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Homeowners are reaching for the stars

The Baltimore Sun

MELVILLE, N.Y. -- A gold star in the window might mean a son's death in a war. A star on the American flag signifies a state. And a star stuck on a student's work celebrates a job well done.

So what is the meaning of those five-point metal stars that hang on house exteriors, sometimes above the garage or up near the gable?

Turns out that homeowners just like them, plain and simple.

Take Theresa and Richard Gallo of Huntington, N.Y., who last year put a maroon star over their garage after seeing stars on homes in Massachusetts while visiting a cousin there.

"It just caught my eye ... every house had a star and then we got to her house and she had a star and I said, 'I have to get that star,' " recalls Theresa Gallo, 51, who works in the compliance department of a Wall Street commodities company. "I just thought it was cute. I figured it would look nice on the house."

Later, when she talked about the star to Frances Mackay of East Northport, N.Y., another of her cousins, she learned Mackay had already installed two in her family room, two in her bedroom and a big one in the foyer. Mackay, who'd seen the stars in country-style decor magazines, ordered hers from a catalog.

For her, the stars are both a touch of traditional Americana in her country-flavored family room and a spiritual symbol when flanking an angel image in her bedroom.

"It's very decorative," Mackay, 68, a part-time secretary, says about the star shape, "and it enhances the area you want to put it in. It covers an area that you don't want to put too many things on, and it gives it a nice impact."

They've shown up in colors from black to mustard and maroon, or covered in a starry flag-motif or with a rustic, rusty texture that has proved popular among Ruth Koroghlian's customers at Cow Harbor Fine Gifts in Northport, N.Y., where the price range is $40 to $55 for stars about 9 inches across all the way up to 24 inches. Some go up to 48 inches for outdoor use.

"They've been popular for two or three years," she says. "I think it's a countrywide tradition. I've seen them in New England, upstate, across the country."

Colorful tradition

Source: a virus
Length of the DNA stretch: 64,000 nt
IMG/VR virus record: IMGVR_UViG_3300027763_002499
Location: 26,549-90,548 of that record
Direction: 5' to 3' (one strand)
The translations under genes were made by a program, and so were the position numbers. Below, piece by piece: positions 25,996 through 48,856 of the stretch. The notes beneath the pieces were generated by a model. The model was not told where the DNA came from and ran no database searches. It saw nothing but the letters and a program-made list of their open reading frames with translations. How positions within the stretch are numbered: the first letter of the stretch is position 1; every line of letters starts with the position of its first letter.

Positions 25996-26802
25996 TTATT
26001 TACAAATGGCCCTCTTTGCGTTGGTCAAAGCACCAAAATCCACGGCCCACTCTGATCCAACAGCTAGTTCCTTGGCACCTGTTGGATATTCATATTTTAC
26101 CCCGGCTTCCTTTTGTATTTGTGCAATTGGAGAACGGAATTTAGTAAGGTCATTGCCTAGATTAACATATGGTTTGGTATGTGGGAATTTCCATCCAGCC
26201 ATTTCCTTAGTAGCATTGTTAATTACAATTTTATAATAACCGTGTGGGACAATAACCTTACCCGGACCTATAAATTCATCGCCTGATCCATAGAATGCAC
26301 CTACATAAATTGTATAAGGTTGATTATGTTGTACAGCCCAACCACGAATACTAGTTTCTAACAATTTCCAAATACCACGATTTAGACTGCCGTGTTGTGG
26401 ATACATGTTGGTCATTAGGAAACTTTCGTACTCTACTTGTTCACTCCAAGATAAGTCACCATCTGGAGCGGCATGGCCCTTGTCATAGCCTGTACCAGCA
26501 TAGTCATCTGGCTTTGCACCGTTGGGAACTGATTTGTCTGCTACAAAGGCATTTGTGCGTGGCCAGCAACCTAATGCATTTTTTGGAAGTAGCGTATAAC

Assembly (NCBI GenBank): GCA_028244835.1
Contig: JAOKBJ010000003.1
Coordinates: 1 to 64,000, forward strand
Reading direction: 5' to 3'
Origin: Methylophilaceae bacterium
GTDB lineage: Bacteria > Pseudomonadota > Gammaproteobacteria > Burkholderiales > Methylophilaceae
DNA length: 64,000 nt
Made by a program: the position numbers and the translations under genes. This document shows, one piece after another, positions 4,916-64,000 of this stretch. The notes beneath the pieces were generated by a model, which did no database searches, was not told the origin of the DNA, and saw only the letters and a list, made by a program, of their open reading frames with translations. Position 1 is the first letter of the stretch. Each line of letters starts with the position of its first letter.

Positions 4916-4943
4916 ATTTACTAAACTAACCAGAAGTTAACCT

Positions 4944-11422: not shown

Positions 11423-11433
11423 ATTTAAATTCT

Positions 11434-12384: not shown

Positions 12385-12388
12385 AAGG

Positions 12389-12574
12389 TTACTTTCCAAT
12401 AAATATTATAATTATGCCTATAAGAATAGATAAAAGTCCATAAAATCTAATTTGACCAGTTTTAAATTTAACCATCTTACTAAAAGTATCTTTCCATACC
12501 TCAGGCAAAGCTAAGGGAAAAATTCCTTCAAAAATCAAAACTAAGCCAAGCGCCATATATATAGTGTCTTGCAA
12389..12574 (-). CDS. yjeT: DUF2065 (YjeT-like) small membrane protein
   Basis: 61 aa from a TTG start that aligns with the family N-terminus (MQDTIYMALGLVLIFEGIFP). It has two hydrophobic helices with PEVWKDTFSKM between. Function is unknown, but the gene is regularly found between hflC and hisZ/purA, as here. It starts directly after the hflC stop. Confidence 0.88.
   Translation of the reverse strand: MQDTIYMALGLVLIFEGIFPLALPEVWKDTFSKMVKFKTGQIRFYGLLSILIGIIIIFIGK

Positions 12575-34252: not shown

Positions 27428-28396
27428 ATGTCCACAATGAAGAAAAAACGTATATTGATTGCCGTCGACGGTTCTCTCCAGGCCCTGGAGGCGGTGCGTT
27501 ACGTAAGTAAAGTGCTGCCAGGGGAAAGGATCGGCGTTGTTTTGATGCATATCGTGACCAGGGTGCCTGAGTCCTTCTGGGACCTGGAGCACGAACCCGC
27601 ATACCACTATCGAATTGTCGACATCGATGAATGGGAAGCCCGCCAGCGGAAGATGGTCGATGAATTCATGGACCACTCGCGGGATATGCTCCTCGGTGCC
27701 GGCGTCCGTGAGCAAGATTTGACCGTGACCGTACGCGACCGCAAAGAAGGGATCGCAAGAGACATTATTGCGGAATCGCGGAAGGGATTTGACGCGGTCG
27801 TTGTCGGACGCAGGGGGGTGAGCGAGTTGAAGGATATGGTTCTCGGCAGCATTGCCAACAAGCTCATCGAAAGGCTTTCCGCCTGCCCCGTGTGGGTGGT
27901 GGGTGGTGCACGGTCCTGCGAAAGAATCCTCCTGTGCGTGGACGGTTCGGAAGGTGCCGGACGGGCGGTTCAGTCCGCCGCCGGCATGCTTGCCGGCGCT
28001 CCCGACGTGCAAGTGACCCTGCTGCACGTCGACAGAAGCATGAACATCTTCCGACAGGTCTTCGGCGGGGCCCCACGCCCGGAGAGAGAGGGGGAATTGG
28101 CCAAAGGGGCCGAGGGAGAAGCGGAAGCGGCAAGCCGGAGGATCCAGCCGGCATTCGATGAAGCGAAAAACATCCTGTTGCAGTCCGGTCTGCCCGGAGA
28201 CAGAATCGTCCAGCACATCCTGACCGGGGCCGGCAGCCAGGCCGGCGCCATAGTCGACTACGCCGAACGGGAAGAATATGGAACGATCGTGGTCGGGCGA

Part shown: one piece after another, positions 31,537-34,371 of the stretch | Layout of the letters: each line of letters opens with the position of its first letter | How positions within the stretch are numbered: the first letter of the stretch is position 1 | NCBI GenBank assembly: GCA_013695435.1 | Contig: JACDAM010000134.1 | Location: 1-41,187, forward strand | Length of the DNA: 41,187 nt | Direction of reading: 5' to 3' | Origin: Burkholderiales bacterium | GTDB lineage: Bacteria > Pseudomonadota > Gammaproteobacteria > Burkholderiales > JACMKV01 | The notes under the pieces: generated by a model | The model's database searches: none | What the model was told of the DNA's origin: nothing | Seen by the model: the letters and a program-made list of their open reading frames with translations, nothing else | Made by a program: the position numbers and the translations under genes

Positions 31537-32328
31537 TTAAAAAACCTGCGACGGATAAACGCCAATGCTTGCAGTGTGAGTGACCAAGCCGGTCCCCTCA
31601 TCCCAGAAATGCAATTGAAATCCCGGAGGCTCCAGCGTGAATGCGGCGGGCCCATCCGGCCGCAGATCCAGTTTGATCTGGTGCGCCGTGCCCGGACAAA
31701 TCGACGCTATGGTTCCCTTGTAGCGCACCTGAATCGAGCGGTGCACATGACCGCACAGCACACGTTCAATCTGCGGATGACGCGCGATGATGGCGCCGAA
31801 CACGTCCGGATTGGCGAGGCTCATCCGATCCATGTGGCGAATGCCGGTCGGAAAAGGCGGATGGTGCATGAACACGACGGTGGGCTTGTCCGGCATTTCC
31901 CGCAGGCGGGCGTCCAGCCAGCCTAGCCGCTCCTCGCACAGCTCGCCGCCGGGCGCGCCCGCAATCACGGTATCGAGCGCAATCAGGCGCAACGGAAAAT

The metal stars are actually an outgrowth of an old architectural feature in which metal stars or other geometric shapes, in a range of sizes and styles, were used in a row across the facades of brick buildings to hide the ends of beams used to hold the building and facade together.

The Pennsylvania Dutch stars were painted onto barns, first appearing on circular wooden inserts built into the stone walls of barns from at least the late 1700s, and later painted directly onto barn walls. A popular misconception is that these stars were a good-luck symbol. Not so. Rather, they were simply decorative, say local experts like David Fooks, who runs the annual Kutztown Festival in Kutztown, Pa.

The festival celebrates the culture of those now known as the Pennsylvania Dutch, actually descendants of German immigrants who first settled in what is now Pennsylvania in 1625.

The stars, elaborate colorful designs with up to 18 arms, have "no meaning to them that we've ever been able to find out," Fooks says, citing research of old interviews by folklorists with elderly itinerant barn-star painters early in the 20th century.

Fooks says that in the Middle Ages, a small star by the door represented a free man and landowner in some regions of Germany, and the star figured in colorful decorations on furniture, trunks and textiles.

But the barn star was an indigenous American folk art, he says, adding that he and others were trying to preserve the tradition with an endowment fund to help local farmers with the $1,200 to $1,800 cost of painting new stars on their barns.

Old and new looks

As for the metal architectural stars, Matt Lippa of Artisans, a folk-art dealer in Alabama who sells with a partner over the Internet at folkartisans.com, said that they offer both antique stars, often taken from building demolitions, and new stars that are sometimes sold as old.

"The new ones you find are purely decorative pieces, and the surfaces are usually antiqued to look old," he says. "A lot of people will sell them as new, and the disreputable ones will offer them as old."

Many of the tin five-pointed stars sold in gift shops today are imported from China, with no pretension of age. They're simply decorative.

Some store owners say they've seen less demand this year for the outdoor stars compared to last year, although they're still selling.

"I would say it's less than half of what I was selling two or three years ago," says Bob Moore, owner of Country Clutter in the Tanger Outlet Center in Riverhead, N.Y. "I think maybe there's been a little oversaturation, but I still get people."

One of his salesclerks, Christine Haines of Calverton, N.Y., says that stars have been a popular item.

She adds that she's thinking of buying one for an empty wall at the base of her stairs. "I figure the star would go with a lot of the country decor inside my house," she says. "It doesn't need anything else to embellish it; it just looks pretty on it's own."

Carol Polsky writes for Newsday.

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